After what he called a long stretch of frustrating golf, Adam Hadwin feels he’s finally seeing some results from the hard work he’s been putting in.
It comes at a perfect time for the Abbotsford, B.C., product as he prepares for his third trip to Augusta National for the Masters.
“I feel like I’m turning the corner with my game,” he said. “I’m finally seeing the shots that I want to see.”
Hadwin has plodded along since the PGA Tour restarted in June, trying to find his game. While he only missed one cut in that 14-tournament stretch, he also only finished inside the top 10 once, a tie for fourth at the Rocket Mortgage Classic in July. The other performances were middle-of-the-pack finishes, something that exasperated the two-time Presidents Cup golfer.
The lacklustre play comes despite plenty of time spent on the range, trying to sharpen his swing. In fact, Hadwin said the last few months have been the hardest he’s worked in his career. He’s seeing enough quality shots that his scores should start improving. Now, he believes, it’s just a matter of playing golf.
“I think I’m just getting in my own way and not letting it happen on the course,” Hadwin said. “I’ve diagnosed myself more than I’ve ever diagnosed myself and that could be part of the problem.”
In his two previous trips to the Masters, Hadwin finished tied for 36th and tied for 24th. He said the course appeals to him and in some ways, reminds him of the designs he grew up on in B.C., with the tree-lined fairways.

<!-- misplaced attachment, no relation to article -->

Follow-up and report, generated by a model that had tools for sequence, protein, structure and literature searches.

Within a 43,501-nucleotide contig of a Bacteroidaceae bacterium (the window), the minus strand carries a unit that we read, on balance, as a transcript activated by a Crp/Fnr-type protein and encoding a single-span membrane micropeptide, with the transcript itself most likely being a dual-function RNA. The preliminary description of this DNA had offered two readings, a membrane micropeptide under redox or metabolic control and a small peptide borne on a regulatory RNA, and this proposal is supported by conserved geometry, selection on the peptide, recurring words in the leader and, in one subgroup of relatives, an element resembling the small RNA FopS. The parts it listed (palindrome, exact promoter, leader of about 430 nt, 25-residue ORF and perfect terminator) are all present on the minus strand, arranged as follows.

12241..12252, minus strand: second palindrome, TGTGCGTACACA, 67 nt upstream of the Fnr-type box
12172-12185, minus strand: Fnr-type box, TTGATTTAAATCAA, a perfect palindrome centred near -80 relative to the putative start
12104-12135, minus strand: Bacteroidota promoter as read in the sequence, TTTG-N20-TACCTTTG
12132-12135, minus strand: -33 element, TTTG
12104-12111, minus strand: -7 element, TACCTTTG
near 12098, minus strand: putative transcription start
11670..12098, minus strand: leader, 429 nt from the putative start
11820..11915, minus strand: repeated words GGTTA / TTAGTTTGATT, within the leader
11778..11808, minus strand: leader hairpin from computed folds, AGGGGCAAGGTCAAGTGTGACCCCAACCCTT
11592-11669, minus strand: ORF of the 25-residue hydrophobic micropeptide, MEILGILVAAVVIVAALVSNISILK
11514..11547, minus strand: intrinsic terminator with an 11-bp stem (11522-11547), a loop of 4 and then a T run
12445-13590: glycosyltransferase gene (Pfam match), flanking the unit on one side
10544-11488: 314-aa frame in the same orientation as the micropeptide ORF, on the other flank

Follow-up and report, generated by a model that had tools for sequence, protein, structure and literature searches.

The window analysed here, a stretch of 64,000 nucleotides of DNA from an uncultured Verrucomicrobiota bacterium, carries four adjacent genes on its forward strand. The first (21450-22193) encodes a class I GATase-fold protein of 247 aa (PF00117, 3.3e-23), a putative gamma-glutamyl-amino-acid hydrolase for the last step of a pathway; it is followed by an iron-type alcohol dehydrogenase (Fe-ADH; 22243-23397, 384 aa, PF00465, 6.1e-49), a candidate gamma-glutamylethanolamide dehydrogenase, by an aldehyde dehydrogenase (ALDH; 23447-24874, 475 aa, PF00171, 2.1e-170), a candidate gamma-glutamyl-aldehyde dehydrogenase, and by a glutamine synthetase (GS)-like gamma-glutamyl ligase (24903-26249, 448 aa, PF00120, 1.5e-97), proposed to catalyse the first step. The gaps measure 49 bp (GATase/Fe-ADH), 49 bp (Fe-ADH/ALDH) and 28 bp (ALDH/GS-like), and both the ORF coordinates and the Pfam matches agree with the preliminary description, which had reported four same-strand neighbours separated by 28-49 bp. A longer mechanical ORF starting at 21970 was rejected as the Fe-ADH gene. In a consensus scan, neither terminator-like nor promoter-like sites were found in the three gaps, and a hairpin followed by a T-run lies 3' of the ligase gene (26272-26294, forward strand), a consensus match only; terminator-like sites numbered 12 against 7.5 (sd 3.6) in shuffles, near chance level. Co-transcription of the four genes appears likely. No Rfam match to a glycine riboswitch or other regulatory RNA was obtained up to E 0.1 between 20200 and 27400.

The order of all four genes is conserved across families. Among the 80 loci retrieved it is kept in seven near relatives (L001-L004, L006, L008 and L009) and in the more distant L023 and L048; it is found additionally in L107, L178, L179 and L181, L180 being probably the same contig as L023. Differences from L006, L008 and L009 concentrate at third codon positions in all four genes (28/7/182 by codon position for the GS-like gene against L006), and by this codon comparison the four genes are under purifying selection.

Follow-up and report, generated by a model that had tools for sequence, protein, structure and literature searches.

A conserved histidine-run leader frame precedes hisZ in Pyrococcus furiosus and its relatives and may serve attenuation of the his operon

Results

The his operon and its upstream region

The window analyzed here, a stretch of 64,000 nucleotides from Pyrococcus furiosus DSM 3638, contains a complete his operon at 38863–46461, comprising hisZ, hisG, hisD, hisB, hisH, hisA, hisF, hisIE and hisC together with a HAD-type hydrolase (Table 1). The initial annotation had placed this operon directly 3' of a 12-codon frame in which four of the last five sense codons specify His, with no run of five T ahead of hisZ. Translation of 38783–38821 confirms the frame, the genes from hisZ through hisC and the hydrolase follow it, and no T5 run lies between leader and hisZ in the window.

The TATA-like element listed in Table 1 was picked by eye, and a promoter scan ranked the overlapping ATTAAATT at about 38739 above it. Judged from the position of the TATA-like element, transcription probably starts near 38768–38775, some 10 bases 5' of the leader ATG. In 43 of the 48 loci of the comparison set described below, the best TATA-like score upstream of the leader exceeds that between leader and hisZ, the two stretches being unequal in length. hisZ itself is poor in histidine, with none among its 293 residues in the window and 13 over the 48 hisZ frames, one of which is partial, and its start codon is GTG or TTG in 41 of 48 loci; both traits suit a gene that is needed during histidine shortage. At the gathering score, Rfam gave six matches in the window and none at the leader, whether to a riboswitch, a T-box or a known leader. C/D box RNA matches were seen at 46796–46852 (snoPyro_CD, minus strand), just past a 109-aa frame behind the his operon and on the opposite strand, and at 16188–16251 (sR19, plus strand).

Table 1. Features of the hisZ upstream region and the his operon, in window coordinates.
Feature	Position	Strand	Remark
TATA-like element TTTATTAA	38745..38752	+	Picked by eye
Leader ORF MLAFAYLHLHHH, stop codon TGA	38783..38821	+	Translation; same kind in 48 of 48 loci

While he continues to learn the nuances of the greens at Augusta National, he will have one advantage in that no greens-reading books will be permitted at the Masters. Hadwin never uses those on the PGA Tour, so there won’t be any change to his procedure on the putting surfaces.
“If I can drive it well, I feel like I can be competitive,” he surmised.
Hadwin will continue to pick the brain of Mike Weir, with whom he’ll play a practice round on Tuesday. He did that in his first two Masters appearances and it paid off.
“He would take us to certain spots on the greens and tell us to hit a putt,” related Hadwin, who celebrated his 33rd birthday on Nov. 2, “and we would totally misread it. Or on 13, he would show us where to lay up depending on where the pin was. That’s the kind of information that he’s passed on to us that only comes from experience.”
Something no one has experienced will be a Masters with no patrons. The closest Hadwin has had to playing in near silence came in 2017 when he went out on the back nine on the Sunday before the tournament, calling it eerie.
“This one will be different. You live through the fans’ reactions at the Masters,” he said. “You can just hear that sound pumping through the trees.”
As well as being a quieter tournament, Hadwin said the sightlines could be different with no patrons framing the holes. The look during the tournament might take some getting used to and require some extra preparation.
That will come over the next few days when the Canadian crams for the last men’s major of the season. With two weeks of rest, optimism for his game and at a course that he loves, Hadwin appears to be in a good place for this unusual edition of the Masters.